ochre n. an earthy pigment containing ferric oxide, varying in colour from light yellow to brown and red. (Concise Oxford English Dictionary). Ochre in its various warm tones characterized the urban landscape of Rome until a few years ago.
Palazzo del Quirinale, once the residence of the popes and of the kings of Italy, is today that of the President of the Republic.
Its fašade could be regarded as a symbol of the colour of Rome. This color was continued until the late 1990s when the appropriateness of ochre was questioned.
At that time Rome was preparing for the 2000 Jubilee Year and the government funded a program for improving the appearance of the city and for granting tax benefits to private owners who undertook maintenance of their buildings.
Art historians pointed out that what was regarded as the historical colour of Rome
was the result of decisions taken in the XIXth century which were caused by two main factors:
a) the relatively dark tones of ochre required less frequent repaints; b) Baroque buildings were regarded as frivolous and bizarre: a uniform and dark colour made their decoration less visible.
XVIIIth century paintings showed that the buildings of Rome were painted with lighter colours having a blueish tone: the so-called color dell'aria (colour of the air).
Other art historians pointed out that the XVIIIth century colours were not necessarily the original ones because during the XVIth century buildings were painted in dark red in order to imitate the colour of bricks. So the issue is still debated.
This web site was started in 1997; many of its images have been replaced by new ones which show the buildings in their new colours; this page (published in March 2009) shows some palaces and churches as they appeared before 2000; the links lead to the page where they are shown after having been repainted.
In some cases, such as Palazzo d'Aste, XIXth century colours hid the decorative effect of pillars, frames and lintels. Palazzo Pamphilj at Piazza Navona and Palazzo Patrizi were among the first palaces where blueish colours were adopted.
A particular effort was made to improve the appearance of churches; some of them, as those shown above, were in bad need of being repainted. They all have gained from the process, although some art historians complain that their new colours are too bright and that they suit Amalfi or Positano better than the Eternal City.
Bell tower of S. Agnese in Agone
Repainting a historical monument is rarely just a matter of repainting. Very often art historians in charge of supervising the activity discover that in the past the original design was modified and that details were lost: in the bell tower of S. Agnese in Agone the cornice decoration was simplified and the bronze elements of the coat of arms were covered over with paint.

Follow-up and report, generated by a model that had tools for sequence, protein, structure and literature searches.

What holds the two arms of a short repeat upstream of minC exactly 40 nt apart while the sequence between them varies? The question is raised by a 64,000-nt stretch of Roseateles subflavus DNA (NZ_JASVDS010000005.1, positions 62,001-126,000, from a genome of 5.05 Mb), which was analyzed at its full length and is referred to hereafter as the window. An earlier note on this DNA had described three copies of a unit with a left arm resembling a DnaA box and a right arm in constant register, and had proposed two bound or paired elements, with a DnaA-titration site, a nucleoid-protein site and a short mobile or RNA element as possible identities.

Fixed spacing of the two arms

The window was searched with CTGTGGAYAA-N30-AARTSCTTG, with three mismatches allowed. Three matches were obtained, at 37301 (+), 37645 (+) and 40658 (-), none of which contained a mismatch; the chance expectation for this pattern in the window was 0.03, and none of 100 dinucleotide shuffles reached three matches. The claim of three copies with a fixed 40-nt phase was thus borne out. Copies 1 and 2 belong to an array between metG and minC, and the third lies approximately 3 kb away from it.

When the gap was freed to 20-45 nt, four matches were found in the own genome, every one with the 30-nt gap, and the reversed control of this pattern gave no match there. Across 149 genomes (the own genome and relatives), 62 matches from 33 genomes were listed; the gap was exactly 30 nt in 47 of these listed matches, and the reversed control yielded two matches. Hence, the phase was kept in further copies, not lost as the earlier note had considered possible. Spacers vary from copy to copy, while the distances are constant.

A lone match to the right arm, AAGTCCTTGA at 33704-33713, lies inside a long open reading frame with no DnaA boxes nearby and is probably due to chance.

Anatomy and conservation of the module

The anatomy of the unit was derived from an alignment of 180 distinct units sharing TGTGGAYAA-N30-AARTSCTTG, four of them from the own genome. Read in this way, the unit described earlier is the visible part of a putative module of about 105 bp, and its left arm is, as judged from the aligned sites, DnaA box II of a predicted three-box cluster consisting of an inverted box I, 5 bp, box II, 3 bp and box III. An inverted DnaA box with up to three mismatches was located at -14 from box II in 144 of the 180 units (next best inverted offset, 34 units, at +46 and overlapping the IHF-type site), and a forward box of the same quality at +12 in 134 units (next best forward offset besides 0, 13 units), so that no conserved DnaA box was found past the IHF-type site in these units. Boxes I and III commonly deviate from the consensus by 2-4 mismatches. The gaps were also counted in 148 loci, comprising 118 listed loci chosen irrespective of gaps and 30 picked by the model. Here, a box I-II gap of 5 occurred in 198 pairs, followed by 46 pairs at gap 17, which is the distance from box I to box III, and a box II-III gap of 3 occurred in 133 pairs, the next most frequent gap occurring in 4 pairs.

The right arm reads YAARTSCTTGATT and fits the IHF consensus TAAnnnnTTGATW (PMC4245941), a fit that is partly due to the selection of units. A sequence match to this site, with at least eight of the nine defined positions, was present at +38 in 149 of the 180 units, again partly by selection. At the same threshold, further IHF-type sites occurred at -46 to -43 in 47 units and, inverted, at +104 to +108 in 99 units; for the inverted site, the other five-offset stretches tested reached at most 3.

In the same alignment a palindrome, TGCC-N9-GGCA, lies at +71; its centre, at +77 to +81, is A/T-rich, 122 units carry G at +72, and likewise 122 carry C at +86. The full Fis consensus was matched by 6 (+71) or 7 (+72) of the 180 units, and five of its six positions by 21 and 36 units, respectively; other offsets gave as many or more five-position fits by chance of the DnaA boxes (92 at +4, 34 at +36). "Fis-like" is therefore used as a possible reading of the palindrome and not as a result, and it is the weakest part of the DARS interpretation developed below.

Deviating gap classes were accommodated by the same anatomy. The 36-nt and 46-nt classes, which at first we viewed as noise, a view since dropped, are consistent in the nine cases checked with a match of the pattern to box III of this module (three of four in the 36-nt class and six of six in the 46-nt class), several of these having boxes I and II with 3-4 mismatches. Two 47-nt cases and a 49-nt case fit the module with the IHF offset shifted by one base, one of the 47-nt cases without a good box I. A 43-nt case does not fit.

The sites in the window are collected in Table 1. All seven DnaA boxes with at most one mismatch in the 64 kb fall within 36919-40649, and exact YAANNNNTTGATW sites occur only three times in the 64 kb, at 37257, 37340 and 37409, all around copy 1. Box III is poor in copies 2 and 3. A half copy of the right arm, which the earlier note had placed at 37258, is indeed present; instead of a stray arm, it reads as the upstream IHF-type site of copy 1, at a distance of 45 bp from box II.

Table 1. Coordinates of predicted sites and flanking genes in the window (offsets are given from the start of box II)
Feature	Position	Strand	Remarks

Detail of the fašade of Palazzo Farnese
Palazzo Farnese had a uniform grey colour which did not enhance its decorative elements; a careful restoration brought back the lighter and warmer colour of its bricks.
Nile in Fontana dei Quattro Fiumi
Maintenance of the historical heritage of Rome is a heavy burden; it is not just a matter of cost, but also of having the eyes of the whole world checking on how a restoration is conducted; in Rome there are many outdoor statues (very often close to heaven) which require regular maintenance to ensure they do not crack.
Not all Italians agree on the worthiness of such costs; they would like to apply a profit centre approach to historical monuments and to maintain only those which generate sufficient revenue. Unfortunately most of the richest men of the country prefer to pour money into football clubs, rather than sponsoring the restoration of works of art.
Fountain of former Villa Peretti
The level to which cars should be allowed inside the walls of Rome is another matter which is debated. In general residents and shopkeepers are against parking restrictions and pedestrian areas; in the last ten years however their views have been disregarded and now many major (or minor) monuments are no longer hidden by parked cars or darkened by fuel emissions.
Baroque building near Circo Massimo
Large companies have their offices outside the city centre, but in recent years they have felt the need to have a more central location for meetings with key customers or for their public affairs departments. In order to have a prestigious location for these small offices
they are prepared to incur the cost of expensive refurbishments.
The image portrayed in the background of this page shows a recently repainted bell tower of SS. TrinitÓ dei Monti.